Thursday, June 13, 2019

Not One of the Team

I don't like office banter and all that shit you get at work about 'being one of the team' or, 'one of the lads' and all the accompanying fake bonhomie, camaraderie and associated bullshit.  I was reminded of this during a conversation at work today.  It was one of those instances when you realise that you are inhabiting some kind of parallel existence to work colleagues.  The fact is that, once upon a time, in what seems like another life, I did work in an office where I had that kind of relationship with my then colleagues.  Most of the time it was an all-male office and, although the mix of people in the office changed over time, the dynamic remained essentially the same.  There was a lot of  lunch time drinking, a lot of good natured 'banter', lots of practical jokes and all the other sort of stuff you'd expect.  And, while it lasted, it was fun.  It was the probably the best working experience I'd ever had.  It was certainly a contrast to previous offices I'd worked in, where I'd always seemed to be the 'odd one out', the one who didn't quite 'fit', seen as an outsider by colleagues.  Of course, the good situation couldn't last and things eventually turned sour.  It was partly down to staff changes, partly down to increasing management disapproval of our 'working style', (despite those liquid lunches, we got the work done, delivering it to a high standard, but we were considered to be 'setting a bad example').  Looking back, we undoubtedly went too far at times - some of the 'banter' tipped over from being in joke bad taste to offensive.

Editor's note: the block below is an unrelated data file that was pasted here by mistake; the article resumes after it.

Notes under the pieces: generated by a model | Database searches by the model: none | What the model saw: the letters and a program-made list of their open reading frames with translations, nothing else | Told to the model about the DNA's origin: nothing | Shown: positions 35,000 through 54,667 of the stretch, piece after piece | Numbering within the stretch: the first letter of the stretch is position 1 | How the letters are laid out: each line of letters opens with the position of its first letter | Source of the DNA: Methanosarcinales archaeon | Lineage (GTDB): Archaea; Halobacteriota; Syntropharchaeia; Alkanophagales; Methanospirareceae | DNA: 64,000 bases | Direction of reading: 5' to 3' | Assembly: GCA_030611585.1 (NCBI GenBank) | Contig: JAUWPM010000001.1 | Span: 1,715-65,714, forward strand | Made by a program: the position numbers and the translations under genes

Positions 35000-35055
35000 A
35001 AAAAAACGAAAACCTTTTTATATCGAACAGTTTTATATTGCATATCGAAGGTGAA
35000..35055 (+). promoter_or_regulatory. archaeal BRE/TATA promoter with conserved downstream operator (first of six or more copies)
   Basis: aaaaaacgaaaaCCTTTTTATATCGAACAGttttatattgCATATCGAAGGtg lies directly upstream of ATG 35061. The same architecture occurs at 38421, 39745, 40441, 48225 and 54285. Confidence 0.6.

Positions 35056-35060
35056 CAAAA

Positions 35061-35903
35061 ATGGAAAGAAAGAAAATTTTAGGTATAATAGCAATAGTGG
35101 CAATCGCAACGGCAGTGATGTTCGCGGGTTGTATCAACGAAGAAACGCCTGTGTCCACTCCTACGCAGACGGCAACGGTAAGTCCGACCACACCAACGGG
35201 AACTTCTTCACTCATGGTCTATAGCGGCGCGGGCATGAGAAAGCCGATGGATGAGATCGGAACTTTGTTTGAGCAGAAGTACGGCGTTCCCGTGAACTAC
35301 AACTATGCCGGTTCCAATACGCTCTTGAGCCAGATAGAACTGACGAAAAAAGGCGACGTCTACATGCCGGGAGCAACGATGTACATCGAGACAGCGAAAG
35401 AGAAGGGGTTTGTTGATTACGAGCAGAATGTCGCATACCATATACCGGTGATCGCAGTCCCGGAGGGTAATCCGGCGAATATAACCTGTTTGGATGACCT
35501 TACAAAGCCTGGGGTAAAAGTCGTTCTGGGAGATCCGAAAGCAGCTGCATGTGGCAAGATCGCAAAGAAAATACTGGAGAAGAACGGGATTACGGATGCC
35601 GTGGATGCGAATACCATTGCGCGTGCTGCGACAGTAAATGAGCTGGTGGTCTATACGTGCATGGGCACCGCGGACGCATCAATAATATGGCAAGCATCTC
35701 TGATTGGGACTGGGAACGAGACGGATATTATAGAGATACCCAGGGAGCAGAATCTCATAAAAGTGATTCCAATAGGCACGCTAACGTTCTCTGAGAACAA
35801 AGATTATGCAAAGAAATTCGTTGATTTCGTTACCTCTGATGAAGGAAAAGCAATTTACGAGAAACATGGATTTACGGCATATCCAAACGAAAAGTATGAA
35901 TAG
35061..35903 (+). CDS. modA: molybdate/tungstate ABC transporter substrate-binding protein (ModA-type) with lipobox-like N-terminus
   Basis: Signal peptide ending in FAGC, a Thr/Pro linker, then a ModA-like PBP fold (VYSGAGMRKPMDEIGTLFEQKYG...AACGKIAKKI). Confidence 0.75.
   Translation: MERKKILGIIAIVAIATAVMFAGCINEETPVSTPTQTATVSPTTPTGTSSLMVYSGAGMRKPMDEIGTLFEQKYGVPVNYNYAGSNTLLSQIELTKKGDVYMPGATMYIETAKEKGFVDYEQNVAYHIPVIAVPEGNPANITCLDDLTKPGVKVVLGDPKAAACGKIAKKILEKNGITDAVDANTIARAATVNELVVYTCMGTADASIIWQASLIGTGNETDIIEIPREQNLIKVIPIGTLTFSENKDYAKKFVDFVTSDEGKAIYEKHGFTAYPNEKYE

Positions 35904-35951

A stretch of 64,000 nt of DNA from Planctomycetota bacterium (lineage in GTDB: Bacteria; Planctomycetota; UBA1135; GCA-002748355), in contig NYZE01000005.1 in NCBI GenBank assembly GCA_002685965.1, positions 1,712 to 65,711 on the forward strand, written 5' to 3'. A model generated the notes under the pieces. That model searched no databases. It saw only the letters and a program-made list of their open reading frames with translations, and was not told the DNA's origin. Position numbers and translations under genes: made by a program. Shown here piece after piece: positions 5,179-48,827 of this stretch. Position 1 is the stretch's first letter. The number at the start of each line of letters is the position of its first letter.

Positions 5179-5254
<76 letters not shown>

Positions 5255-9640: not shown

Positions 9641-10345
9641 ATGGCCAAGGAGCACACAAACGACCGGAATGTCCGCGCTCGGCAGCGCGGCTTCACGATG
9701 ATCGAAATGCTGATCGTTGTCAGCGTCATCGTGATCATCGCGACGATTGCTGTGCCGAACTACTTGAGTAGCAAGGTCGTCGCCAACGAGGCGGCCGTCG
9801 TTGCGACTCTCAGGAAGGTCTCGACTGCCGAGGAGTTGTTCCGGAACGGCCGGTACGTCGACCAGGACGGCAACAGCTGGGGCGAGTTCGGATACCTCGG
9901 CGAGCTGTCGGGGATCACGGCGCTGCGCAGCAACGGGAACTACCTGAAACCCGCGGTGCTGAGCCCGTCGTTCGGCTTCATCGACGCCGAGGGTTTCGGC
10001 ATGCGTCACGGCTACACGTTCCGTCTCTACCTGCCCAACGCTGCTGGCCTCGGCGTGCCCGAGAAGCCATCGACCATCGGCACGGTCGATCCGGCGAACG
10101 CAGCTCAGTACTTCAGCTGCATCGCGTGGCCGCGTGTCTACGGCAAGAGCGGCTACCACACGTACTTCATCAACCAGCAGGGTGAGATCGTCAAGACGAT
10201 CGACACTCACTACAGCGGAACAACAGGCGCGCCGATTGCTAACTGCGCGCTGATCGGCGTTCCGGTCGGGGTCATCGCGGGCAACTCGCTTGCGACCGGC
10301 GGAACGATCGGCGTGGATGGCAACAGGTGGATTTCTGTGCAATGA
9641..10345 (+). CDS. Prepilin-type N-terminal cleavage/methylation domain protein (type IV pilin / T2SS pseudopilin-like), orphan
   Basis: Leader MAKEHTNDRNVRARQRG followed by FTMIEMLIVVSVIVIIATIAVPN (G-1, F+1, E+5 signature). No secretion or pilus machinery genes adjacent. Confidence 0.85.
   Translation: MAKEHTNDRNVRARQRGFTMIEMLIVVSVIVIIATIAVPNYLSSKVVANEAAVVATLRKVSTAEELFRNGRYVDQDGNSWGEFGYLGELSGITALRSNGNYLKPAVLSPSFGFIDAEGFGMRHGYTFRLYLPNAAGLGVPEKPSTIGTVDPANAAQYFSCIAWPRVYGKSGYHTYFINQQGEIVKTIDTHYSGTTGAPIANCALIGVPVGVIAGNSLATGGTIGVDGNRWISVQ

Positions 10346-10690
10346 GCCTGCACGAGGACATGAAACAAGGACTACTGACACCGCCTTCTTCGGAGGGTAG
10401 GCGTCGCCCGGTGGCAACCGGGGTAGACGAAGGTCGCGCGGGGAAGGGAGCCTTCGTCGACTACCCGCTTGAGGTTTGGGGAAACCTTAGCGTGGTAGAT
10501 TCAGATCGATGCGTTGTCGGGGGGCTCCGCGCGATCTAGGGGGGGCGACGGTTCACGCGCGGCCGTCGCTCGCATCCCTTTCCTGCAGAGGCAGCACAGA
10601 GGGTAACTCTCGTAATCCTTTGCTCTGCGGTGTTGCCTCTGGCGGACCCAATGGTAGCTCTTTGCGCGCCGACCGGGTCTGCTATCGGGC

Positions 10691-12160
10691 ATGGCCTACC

Since then, I've avoided that sort if thing.  I work in a job where I'm out of the office most of the time, working on my own, relying on  nobody but myself.  I like my own company.  There have been times when I've had closer friendships with individual colleagues, but nothing like those halcyon days of yore.  I've learned that it is pointless trying to recreate the past.  What I realise now is that that previous experience was down to a particular confluence of the right mix of people being in the right place at the right time.  It just happened that I found myself, at that moment, in a work environment with a group of people who were on the same 'wavelength' and with whom I had ideas and interests in common.  Such coincidences are rare.  Moreover, there were underlying reasons I threw myself into that particular scene: it was a distraction from the fact that I was increasingly dissatisfied with the job itself - I no longer believed in it, the people I worked for, nor the organisation I worked in.  It was inevitable that it was all going to come crashing down.  But here I am, finding myself once more facing this sort of talk of 'teams' and everything that goes with this.  The fact that I'm perfectly happy ploughing my individual furrow, relying solely on myself, doesn't seem to count for anything.  I certainly don't want to get drawn into that world of fake camaraderie I mentioned before - I see too many glimpses of it amongst some of my colleagues: all that 'banter'.  (Maybe that's why I've never really got on with social media - its all 'banter').  Obviously, I'll resist any moves to try and force me to be part of the 'gang', but it gives me further impetus to review my work situation.  After all, I've already decided that there's no way I can do this job until I retire, so I really have to get my arse into gear and start doing something about it.



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